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                              MOTOROLA 68040

The primary feature of the G-Force is the Motorola MC68040RC-33
microprocessor.  Some features of the 68040:

* 6 stage pipeline, MC68030 compatible integer unit

* MC68881/882 compatible FPU

* Independant instruction and data MMUs

* Simultaneously accessible, 4K instruction and data caches

* Multimaster/multiprocessor support via bus snooping

* Concurrent IU, FPU, MMU, and Bus Controller operation

* 4 Gigabyte address space

I am very impressed with the performance, and it is quite a step up from my
28MHz 68030/68882.  The acceleration suffers a very noticable loss of speed
without the 68040's special modes (cache, burst, copyback) but still stays
leaps and bounds faster than a comparable 68030.  The 68040 has a fan and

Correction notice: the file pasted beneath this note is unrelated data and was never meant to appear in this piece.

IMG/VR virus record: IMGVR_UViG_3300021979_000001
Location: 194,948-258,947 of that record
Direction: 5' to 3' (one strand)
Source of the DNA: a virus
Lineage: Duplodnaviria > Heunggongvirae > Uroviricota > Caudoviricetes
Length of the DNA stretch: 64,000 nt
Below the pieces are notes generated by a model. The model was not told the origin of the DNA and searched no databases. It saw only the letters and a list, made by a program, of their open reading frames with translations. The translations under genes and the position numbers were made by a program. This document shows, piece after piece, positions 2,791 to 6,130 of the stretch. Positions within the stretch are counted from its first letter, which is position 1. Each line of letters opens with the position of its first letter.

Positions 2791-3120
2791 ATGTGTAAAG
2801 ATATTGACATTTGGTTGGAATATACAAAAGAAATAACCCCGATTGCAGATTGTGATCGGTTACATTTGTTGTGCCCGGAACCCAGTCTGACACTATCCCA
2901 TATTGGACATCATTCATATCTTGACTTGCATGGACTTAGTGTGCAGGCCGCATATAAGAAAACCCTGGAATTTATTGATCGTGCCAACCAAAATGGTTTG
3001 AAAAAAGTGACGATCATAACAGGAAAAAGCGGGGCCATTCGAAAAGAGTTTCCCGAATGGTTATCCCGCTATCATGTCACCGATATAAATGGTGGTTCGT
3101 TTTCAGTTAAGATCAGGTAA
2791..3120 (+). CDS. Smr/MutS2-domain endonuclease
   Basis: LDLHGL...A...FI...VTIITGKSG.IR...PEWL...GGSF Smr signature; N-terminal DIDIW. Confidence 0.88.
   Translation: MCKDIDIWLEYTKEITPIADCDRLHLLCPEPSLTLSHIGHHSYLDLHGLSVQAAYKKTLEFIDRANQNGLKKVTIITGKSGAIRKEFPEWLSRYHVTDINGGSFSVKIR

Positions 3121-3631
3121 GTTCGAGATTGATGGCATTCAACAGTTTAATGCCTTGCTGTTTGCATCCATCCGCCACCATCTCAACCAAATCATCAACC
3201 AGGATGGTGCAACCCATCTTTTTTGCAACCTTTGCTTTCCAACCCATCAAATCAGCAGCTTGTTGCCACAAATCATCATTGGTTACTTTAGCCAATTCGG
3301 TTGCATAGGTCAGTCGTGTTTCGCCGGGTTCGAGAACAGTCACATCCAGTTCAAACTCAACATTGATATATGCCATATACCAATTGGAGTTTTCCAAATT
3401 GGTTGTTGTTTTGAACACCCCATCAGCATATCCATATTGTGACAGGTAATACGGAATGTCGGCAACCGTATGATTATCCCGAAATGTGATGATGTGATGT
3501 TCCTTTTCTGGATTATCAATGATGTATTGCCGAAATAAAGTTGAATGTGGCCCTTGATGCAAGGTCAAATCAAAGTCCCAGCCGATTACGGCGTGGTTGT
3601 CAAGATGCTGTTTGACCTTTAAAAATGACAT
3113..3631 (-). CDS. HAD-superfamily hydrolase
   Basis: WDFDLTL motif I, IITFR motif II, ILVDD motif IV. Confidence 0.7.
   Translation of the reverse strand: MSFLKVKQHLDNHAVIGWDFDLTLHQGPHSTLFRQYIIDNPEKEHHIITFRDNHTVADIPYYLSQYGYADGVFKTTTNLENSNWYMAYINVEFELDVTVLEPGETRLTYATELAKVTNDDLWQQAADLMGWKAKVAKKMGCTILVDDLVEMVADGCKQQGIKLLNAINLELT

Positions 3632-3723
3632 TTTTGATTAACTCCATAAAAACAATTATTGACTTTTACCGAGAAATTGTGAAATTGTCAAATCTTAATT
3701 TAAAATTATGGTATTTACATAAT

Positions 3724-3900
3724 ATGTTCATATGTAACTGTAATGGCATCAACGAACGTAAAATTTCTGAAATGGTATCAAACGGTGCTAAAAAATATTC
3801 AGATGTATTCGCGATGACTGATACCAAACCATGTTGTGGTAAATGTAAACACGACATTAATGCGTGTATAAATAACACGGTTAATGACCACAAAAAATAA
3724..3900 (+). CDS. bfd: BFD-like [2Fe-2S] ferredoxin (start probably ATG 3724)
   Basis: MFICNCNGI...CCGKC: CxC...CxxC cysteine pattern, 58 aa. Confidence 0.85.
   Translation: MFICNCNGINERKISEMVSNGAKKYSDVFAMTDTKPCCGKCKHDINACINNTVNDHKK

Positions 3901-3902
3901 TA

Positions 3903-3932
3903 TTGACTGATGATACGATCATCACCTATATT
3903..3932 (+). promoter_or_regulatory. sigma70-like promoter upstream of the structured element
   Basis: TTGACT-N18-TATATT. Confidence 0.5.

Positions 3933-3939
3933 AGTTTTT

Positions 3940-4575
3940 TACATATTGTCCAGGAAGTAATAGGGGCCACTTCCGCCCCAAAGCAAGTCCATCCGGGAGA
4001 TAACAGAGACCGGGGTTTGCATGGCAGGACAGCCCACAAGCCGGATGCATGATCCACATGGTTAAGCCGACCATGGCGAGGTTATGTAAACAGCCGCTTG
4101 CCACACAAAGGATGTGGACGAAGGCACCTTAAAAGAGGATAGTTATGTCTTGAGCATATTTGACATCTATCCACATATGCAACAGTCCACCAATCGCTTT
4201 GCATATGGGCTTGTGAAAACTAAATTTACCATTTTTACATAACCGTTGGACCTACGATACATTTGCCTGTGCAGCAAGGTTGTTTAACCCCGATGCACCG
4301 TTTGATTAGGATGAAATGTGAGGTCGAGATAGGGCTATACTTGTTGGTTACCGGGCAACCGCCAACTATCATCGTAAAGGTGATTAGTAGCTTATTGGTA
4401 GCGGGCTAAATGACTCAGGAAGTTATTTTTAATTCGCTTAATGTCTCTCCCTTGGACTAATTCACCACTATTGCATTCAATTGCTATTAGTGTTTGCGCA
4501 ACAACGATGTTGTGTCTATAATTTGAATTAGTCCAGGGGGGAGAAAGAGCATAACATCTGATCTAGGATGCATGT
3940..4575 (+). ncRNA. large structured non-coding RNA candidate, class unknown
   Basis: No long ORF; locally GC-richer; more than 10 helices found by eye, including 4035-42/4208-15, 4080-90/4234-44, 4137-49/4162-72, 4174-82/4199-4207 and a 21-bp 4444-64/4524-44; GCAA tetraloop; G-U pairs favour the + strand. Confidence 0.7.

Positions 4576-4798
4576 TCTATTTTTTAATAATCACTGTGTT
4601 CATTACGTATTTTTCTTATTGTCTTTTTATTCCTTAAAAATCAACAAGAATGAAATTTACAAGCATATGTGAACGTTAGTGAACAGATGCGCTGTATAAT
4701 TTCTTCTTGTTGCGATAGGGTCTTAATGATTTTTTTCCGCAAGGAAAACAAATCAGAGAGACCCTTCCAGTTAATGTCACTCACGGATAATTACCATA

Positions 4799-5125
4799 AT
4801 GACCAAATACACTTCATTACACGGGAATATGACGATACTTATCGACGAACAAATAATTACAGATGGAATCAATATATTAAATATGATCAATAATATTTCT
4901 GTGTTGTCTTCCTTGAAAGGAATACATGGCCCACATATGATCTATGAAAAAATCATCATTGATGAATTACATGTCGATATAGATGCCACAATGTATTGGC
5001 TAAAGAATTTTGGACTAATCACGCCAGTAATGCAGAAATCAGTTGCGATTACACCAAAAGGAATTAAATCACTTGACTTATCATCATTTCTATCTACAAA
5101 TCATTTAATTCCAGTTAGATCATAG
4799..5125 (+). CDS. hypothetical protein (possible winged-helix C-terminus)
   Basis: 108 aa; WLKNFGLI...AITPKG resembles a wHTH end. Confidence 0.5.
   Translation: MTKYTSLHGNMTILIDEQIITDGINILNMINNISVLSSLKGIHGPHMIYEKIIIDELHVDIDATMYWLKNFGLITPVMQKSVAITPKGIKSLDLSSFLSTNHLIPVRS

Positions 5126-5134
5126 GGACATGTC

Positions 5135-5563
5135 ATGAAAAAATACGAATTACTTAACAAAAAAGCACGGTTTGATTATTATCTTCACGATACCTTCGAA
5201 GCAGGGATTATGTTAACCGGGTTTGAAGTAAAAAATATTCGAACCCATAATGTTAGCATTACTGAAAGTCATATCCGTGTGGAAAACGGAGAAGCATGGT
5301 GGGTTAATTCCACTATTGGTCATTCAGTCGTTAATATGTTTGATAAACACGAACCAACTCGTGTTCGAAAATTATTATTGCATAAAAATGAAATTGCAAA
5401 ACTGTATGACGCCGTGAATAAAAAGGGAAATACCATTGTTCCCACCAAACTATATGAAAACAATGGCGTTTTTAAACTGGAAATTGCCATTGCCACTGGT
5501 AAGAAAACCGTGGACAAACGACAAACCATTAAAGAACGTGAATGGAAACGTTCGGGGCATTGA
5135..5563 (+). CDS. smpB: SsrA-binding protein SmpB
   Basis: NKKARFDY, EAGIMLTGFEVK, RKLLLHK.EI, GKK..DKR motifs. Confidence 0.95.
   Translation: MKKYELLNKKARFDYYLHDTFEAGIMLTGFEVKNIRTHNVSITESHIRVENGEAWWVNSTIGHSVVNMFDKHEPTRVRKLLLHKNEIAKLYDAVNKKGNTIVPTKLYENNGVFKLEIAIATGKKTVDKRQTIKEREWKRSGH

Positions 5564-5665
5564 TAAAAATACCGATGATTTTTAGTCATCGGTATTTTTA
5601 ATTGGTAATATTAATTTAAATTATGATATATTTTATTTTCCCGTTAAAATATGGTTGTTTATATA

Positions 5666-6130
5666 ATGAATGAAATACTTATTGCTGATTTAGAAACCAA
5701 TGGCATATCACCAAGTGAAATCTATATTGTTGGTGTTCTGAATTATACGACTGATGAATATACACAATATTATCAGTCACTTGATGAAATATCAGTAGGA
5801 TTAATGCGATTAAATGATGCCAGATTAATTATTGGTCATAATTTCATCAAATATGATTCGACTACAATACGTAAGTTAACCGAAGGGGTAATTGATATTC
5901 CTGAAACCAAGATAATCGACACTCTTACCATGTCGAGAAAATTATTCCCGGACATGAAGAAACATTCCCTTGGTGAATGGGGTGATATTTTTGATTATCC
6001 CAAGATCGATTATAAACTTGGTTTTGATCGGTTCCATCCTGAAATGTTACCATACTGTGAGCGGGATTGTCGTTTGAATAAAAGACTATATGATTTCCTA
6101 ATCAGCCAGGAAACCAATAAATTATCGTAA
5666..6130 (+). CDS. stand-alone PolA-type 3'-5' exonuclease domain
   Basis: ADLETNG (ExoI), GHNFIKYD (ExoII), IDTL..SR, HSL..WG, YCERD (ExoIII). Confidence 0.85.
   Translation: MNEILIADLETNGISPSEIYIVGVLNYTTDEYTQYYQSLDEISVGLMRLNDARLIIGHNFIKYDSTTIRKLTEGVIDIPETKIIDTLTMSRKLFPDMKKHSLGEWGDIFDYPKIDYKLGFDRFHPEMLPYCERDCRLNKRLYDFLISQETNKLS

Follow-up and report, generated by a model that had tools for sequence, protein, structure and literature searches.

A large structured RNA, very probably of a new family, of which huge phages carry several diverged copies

heatsink mounted on the chip.

As long as there is available 32-bit RAM, you can expect full speed from
your system.  If there is any 16-bit fast RAM, you can expect RAM access to
be SLOWER (it will run at ~98% of the speed of an unaccelerated A2000)
*when* you run out of 32-bit RAM.  This is to be expected.  16-bit RAM is
not a good idea in an accelerated system.  If present, it should be clearly
understood that the system will perform very poorly when the 16-bit RAM is
used.  I eventually got rid of all my 16-bit RAM.  The RAM is placed
outside the 24-bit address space of Zorro II, so using cards that need that
space such as 24-bit video cards, bridgeboards, and RAM expansions are not

There is also a software selectable fallback mode which disables the 68040,
but you lose both the SCSI host adapter and all RAM expansion.

Before you view the "benchmarks" remember that benchmarks can be
misleading.  Ultimately, the only way to realize the value of any product
you need to try using the system yourself.  Note that the RAM seems
somewhat slow compared to an A3000.  This is due to the copyback cache and
the fact than my particular G-Force is not in "burst" mode.  AIBB reports
that the RAM runs at 0.9 times the speed of an A3000 with copyback, 1.52
times faster without copyback.

View benchmark information